Wednesday, November 09, 2011

Video enhancement software for poor eyesight

Masters student, Chet Teow, will present the results of his work on "Video enhancement software for poor eyesight", at the Australian National University, 3pm, 10 November 2011, in room N335 of the Computer Science and Information Technology Building in Canberra. He is one of three students working on aspects of the project. Chet has also been working on "Digital Payment System – Token Generation and Transfer".

Video enhancement software for poor eyesight

Project Code: CECS_686

This project is available at the following levels:
CS single semester, Engn4200, Engn R&D, Honours, Masters, PhD


TV, Video, accessibility, disability, vision, software development


Mr Tom Worthington


This projects investigates algorithms for
enhancing video images for people with poor eyesight, in particular macular degeneration. The software would enhance the import parts of images, such as people, particularly facial features and objects in the foreground. The result would be a cartoon-like effect with a solid line
around geometric shapes, such as faces, with and high contrast eyes, nose and mouth.

There has been extensive research on modifying video for people with limited eyesight, including by modification of open source MPEG decoding algorithms (1). Techniques for measuring the effectiveness of the modifications have been investigated (2).

However, the techniques used have assumed that the resulting image should still be acceptable to a person with normal vision. This limits the usefulness of the techniques for people with very limited eyesight.

Also it is assumed that there is limited processing capacity to run the enhancement algorithm and so only relatively simple techniques are used and that what is sued has to be suitable for mass deployment hard coded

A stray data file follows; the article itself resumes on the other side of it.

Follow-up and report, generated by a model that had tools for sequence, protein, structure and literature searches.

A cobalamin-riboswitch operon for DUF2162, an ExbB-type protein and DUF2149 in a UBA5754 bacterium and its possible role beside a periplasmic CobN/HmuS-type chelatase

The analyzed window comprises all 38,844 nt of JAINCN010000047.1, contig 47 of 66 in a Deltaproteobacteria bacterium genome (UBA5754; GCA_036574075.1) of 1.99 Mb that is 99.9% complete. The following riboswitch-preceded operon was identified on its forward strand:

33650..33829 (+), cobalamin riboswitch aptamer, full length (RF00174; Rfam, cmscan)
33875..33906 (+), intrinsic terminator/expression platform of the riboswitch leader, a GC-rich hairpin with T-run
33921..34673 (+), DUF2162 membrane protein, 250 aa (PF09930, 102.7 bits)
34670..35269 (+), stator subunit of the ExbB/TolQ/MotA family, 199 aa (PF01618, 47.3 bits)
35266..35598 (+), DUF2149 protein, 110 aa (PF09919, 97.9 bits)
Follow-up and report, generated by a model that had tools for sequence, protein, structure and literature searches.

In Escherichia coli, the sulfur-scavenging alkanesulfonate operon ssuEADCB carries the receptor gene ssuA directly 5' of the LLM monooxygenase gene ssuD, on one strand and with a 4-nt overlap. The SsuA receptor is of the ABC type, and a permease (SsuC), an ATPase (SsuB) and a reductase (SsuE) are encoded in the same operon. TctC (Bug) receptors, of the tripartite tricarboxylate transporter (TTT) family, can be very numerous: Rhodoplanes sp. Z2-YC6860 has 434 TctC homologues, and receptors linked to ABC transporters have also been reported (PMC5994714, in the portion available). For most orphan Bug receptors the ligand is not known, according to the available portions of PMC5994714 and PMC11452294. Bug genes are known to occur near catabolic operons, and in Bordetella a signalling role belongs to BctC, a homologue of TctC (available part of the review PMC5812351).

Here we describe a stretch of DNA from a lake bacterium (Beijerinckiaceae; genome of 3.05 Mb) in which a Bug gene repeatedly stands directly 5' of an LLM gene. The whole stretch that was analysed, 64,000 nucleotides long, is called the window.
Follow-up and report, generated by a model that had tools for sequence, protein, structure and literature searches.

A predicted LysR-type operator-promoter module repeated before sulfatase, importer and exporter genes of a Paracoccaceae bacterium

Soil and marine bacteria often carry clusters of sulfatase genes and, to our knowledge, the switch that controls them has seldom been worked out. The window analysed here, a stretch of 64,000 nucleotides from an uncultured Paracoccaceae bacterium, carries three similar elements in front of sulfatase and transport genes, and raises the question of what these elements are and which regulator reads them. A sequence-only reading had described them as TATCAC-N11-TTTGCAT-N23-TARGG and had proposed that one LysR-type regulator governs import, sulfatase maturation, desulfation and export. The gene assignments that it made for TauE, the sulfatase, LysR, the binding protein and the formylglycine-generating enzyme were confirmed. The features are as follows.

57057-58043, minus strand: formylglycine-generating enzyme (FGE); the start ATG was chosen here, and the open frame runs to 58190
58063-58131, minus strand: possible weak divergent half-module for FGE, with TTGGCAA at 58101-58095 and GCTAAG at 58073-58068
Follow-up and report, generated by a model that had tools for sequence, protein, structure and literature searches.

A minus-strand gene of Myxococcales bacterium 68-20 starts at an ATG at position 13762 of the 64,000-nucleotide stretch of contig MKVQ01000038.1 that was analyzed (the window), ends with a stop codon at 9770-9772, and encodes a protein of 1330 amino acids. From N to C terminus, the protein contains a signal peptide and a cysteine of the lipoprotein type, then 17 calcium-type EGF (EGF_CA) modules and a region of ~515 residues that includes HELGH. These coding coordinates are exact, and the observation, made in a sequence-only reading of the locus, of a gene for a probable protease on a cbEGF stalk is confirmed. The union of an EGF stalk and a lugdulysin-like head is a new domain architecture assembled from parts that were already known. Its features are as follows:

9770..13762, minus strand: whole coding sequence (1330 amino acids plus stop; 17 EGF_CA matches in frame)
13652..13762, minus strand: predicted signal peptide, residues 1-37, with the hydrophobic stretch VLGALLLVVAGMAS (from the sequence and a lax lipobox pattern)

into the TV set.

It should be feasible to produce cartoon-like images which would be easy to see with very limited eyesight. This should be feasible using the higher processing capacity now available in modern digital TV sets. Also it should be feasible to download the software into exiting TV sets via
an Internet connection. The same technique should be usable as a downloaded PC, smart phone and tablet "App". It should also be usable as an add-on for YouTube and simile web based video services.

The software would be developed at ANU CECS udner the supervision of Tom Worthington and tested
at the London Eye Hospital under the supervision of Lyndon Da Cruz.

The software would be made available for free use under an open source licence and the research findings published free online with a Creative Commons licence.

Goals of this project

Understanding of the effects of image manipulation on vision.
Development of software for consumer devices.

Background Literature


1. Post Transmission Digital Video Enhancement for People with Visual Impairments Matthew Fullerton and Eli Peli J Soc Inf Disp. 2006 January; 14(1): 15–24. doi: 10.1889/1.2166829.

2. Measuring perceived video quality of MPEG enhancement by people with impaired vision Matthew Fullerton, Russell L. Woods, Fuensanta A. Vera-Diaz, and Eli Peli J Opt Soc Am A Opt Image Sci Vis. Author manuscript; available in PMC 2008 December 1. PMCID: PMC2131737 Published in final edited form as: J Opt Soc Am A Opt Image Sci Vis.
2007 December; 24(12): B174–B187.


Tom Worthington
Lyndon Da Cruz
Post Transmission Digital Video Enhancement for People with Visual Impairments
Measuring perceived video quality of MPEG enhancement by people with impaired vision


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